Uber grocery delivery begins a slow roll out in a crowded space

The COVID-19 pandemic has vastly increased the demand for delivery services, particularly grocery delivery. Uber sees a chance to capitalize on that increased demand, announcing today that it's introducing grocery delivery in certain regions of North America. Uber is doing grocery delivery in a partnership with Cornershop, and at first, it'll only be available in "select cities" in Latin America and Canada.

It won't be long before we see Uber's grocery delivery expand to the United States, though when it does, it'll be on a very limited scale. Later this month, Uber says that it'll launch grocery delivery in Miami, Florida and Dallas, Texas. Uber users in those cities who are subscribed to either the Uber Pass or the Eats Pass will get free delivery on orders over $30.

It seems that grocery delivery orders will be carried out through both the Uber and Uber Eats apps. Orders are fulfilled and delivered by Cornershop team members, not Uber drivers, and users will be able to track their order and request no-contact drop off.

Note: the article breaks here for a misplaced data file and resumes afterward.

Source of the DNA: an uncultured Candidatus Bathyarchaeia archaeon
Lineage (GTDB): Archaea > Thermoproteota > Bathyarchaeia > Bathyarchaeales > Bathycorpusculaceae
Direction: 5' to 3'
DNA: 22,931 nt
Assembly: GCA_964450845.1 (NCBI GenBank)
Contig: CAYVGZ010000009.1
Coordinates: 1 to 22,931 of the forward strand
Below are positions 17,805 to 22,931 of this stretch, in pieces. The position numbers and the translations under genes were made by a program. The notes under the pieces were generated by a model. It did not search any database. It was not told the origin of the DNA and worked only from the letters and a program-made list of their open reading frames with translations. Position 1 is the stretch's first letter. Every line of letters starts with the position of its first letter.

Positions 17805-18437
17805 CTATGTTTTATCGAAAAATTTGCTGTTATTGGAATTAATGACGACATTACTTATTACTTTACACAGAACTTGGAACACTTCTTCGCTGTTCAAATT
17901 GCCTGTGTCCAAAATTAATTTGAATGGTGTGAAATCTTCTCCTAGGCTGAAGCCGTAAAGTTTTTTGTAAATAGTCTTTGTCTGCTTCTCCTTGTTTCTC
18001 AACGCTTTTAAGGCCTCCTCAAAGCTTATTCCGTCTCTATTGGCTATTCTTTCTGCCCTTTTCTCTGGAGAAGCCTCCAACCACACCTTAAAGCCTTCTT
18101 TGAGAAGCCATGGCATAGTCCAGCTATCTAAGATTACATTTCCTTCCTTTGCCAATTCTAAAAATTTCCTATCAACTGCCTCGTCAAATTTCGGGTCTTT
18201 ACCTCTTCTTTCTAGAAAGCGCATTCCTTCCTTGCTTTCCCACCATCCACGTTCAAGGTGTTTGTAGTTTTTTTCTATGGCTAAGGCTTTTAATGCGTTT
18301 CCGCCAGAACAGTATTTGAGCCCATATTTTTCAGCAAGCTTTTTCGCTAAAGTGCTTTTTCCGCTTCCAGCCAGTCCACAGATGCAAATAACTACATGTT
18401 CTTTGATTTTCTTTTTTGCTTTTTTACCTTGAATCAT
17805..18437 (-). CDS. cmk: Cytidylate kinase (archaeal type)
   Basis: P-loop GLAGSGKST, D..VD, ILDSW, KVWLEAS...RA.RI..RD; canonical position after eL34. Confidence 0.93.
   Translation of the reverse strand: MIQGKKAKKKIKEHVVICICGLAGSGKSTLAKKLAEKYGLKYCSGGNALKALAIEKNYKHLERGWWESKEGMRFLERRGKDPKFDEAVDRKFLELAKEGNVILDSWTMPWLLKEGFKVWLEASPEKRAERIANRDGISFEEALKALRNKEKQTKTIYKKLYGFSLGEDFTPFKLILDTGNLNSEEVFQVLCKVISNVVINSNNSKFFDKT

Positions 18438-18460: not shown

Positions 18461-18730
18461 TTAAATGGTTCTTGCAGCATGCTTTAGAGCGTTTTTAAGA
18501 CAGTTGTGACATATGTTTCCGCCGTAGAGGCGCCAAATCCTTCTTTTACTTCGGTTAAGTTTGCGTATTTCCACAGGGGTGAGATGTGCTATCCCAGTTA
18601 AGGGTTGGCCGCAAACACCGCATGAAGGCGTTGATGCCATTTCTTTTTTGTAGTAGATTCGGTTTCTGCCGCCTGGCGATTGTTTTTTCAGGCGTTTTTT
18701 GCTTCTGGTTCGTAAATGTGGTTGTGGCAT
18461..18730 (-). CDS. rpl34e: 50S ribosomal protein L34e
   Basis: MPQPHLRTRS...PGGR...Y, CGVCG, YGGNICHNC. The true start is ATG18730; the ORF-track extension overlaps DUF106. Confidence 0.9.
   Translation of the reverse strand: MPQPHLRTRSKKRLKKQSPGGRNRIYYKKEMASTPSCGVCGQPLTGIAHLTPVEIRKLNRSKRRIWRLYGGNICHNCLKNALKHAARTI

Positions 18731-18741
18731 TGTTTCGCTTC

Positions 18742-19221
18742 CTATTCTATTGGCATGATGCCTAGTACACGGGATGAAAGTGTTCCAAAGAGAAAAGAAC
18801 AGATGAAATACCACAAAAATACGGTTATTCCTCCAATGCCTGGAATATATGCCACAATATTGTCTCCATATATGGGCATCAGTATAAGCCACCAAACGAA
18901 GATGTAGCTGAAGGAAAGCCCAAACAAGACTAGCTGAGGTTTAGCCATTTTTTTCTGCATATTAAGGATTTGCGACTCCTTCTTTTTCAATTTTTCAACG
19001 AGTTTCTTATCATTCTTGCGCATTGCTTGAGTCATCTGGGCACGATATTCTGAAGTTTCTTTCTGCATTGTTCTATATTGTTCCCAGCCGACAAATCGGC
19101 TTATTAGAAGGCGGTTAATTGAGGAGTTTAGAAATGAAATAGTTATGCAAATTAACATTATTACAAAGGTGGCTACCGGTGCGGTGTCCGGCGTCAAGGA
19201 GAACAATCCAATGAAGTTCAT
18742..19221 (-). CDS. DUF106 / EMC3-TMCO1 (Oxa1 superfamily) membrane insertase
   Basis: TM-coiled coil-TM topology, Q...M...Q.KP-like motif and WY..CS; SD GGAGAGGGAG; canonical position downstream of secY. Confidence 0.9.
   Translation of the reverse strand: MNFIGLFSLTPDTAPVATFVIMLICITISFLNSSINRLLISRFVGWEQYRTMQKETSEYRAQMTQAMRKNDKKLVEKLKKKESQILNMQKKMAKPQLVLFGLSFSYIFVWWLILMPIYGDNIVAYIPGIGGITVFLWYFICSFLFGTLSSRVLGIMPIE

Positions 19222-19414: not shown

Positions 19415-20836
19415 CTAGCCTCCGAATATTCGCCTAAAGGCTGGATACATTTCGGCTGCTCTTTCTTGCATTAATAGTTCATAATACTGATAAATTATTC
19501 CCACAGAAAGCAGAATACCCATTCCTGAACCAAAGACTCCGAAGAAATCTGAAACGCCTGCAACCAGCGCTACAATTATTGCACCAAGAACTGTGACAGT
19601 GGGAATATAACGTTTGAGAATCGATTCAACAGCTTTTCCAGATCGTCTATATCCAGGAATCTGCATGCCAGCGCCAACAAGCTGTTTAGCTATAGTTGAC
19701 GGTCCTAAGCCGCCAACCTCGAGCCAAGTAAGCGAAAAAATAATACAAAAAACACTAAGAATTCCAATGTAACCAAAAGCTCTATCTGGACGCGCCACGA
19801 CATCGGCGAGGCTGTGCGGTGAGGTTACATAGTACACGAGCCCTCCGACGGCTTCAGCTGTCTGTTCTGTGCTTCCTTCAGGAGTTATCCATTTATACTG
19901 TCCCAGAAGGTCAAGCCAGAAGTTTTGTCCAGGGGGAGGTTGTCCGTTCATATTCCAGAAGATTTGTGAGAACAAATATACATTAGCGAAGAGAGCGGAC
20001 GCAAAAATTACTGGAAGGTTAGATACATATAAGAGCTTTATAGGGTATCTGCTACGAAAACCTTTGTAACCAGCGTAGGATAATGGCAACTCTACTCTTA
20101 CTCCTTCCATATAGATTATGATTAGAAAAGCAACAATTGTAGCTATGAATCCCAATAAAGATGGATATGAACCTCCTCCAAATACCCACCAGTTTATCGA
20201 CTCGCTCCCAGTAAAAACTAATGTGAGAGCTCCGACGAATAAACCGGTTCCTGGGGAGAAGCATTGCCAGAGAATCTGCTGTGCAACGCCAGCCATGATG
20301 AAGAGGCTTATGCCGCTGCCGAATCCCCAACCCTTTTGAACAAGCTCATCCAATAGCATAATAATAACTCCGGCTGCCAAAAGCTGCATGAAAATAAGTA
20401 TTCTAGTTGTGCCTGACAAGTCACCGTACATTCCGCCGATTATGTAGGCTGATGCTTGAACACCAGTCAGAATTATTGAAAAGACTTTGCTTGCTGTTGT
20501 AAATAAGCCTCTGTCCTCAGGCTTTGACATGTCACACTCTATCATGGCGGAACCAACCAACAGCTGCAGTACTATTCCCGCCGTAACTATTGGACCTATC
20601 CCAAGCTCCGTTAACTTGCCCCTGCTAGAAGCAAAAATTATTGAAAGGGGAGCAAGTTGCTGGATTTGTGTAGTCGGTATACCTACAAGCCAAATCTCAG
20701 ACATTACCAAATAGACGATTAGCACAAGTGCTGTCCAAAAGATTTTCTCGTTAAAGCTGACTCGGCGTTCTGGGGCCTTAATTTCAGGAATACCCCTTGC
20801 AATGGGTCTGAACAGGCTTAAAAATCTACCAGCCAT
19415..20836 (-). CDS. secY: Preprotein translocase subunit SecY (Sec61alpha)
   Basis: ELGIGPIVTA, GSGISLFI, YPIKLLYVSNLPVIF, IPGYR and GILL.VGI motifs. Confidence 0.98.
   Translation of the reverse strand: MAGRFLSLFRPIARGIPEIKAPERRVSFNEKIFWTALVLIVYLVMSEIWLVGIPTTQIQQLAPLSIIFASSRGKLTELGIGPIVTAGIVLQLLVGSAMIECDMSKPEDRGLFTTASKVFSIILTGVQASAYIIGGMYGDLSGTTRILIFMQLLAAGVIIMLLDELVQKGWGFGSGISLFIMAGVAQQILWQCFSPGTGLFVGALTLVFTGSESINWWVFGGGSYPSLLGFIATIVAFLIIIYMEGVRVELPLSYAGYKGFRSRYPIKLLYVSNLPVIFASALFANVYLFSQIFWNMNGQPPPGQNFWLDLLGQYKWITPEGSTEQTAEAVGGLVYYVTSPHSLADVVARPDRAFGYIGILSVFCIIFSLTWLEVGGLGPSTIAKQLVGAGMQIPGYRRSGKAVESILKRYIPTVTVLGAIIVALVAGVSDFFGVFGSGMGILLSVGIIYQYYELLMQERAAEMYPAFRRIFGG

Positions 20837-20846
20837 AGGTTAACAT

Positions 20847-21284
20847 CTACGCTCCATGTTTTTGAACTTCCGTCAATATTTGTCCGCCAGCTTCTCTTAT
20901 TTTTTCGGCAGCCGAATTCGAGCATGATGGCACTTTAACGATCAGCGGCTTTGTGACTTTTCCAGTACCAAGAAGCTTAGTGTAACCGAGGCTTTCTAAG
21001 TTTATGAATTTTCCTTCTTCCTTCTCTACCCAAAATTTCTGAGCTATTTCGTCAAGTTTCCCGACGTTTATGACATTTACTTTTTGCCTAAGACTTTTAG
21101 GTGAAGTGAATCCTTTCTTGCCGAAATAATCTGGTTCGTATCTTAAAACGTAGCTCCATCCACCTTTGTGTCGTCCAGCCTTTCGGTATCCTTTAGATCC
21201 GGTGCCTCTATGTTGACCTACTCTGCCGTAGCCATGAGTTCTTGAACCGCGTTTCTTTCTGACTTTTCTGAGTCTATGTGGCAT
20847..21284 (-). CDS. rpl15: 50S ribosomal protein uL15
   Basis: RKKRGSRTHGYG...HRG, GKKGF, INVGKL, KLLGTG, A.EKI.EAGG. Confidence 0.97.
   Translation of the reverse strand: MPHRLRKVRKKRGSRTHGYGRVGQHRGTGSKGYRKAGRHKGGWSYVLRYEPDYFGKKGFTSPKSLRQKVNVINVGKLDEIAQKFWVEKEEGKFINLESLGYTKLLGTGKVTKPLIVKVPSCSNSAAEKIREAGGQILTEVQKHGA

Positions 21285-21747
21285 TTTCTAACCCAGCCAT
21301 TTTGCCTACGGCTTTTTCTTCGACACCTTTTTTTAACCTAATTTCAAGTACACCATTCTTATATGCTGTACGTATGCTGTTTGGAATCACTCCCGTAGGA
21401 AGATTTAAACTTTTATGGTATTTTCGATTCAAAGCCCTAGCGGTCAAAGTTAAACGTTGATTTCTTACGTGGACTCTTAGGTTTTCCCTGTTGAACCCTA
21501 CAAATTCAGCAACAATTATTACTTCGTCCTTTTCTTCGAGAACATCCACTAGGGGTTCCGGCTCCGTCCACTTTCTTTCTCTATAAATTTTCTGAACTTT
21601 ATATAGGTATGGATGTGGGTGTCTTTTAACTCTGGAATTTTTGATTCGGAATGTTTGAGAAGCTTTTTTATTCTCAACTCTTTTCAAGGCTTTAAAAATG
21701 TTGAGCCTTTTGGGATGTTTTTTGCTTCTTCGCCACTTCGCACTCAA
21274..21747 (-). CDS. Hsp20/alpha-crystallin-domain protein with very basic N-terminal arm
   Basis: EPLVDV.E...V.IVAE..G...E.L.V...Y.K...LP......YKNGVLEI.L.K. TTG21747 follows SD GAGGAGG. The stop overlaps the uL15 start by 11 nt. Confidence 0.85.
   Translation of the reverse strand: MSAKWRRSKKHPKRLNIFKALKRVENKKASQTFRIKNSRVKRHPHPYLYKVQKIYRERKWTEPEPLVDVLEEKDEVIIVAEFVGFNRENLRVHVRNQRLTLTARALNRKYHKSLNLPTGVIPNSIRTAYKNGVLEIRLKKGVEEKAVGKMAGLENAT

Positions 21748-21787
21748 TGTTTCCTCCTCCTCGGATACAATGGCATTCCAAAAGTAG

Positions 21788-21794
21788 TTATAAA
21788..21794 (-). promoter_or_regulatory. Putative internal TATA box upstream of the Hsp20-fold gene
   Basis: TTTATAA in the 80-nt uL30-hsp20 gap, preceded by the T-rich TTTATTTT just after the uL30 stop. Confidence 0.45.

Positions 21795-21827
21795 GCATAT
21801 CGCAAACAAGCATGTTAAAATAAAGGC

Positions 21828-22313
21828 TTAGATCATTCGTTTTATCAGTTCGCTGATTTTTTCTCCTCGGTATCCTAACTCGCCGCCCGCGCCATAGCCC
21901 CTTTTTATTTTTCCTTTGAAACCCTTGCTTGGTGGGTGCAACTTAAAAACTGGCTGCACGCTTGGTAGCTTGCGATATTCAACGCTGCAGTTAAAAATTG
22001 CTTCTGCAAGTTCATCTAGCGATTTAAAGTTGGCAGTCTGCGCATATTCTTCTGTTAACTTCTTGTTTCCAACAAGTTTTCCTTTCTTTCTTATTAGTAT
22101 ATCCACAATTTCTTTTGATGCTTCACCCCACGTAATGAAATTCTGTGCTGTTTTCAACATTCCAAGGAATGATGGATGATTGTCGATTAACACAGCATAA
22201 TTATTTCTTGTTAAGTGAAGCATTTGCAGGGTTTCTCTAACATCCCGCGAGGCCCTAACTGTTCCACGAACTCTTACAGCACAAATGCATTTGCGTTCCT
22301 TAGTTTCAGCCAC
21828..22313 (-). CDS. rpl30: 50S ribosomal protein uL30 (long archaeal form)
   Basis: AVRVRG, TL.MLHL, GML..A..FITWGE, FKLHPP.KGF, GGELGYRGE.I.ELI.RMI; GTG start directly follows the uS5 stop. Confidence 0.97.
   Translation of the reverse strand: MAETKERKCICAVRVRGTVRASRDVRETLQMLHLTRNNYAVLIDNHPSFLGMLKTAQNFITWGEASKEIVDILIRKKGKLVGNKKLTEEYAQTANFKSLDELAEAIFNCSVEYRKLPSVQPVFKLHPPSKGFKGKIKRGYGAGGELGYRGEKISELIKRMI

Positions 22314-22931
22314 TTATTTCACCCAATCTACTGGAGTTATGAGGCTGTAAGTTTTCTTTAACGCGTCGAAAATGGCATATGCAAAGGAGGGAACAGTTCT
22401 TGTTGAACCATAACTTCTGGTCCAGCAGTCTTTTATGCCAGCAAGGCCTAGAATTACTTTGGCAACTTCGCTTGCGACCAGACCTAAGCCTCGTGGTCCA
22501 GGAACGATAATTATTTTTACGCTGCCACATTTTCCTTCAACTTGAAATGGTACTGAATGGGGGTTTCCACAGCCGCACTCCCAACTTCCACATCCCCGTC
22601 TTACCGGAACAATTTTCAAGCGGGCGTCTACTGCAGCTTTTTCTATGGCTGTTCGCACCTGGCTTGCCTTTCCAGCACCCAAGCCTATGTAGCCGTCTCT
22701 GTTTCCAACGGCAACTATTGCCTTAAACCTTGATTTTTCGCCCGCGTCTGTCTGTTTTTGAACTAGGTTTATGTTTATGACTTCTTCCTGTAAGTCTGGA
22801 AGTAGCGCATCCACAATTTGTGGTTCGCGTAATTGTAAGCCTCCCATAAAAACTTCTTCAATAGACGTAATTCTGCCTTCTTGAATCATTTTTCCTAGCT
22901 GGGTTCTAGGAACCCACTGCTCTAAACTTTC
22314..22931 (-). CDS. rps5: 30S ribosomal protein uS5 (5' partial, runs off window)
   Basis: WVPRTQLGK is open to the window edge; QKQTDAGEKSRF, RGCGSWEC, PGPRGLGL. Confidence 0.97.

Here in the United States, at least, Uber is going to have a fair amount of competition when it comes to grocery delivery. It'll be going head to head with services like Shipt and Instacart, which were established before the pandemic began. Not only that, but a number of grocery chains have rolled out their own, in-house delivery and pickup services in the wake of the pandemic, so consumers certainly have plenty of options when it comes to getting their groceries in the age of social distancing.

The same is likely true in many regions around the world where Uber is planning a grocery delivery launch. The company says that it plans to "roll out new grocery delivery features for customers and merchants alike in the US and other cities around the world over the coming months," so perhaps it has a few tricks up its sleeve when it comes to breaking into a crowded space. Stay tuned.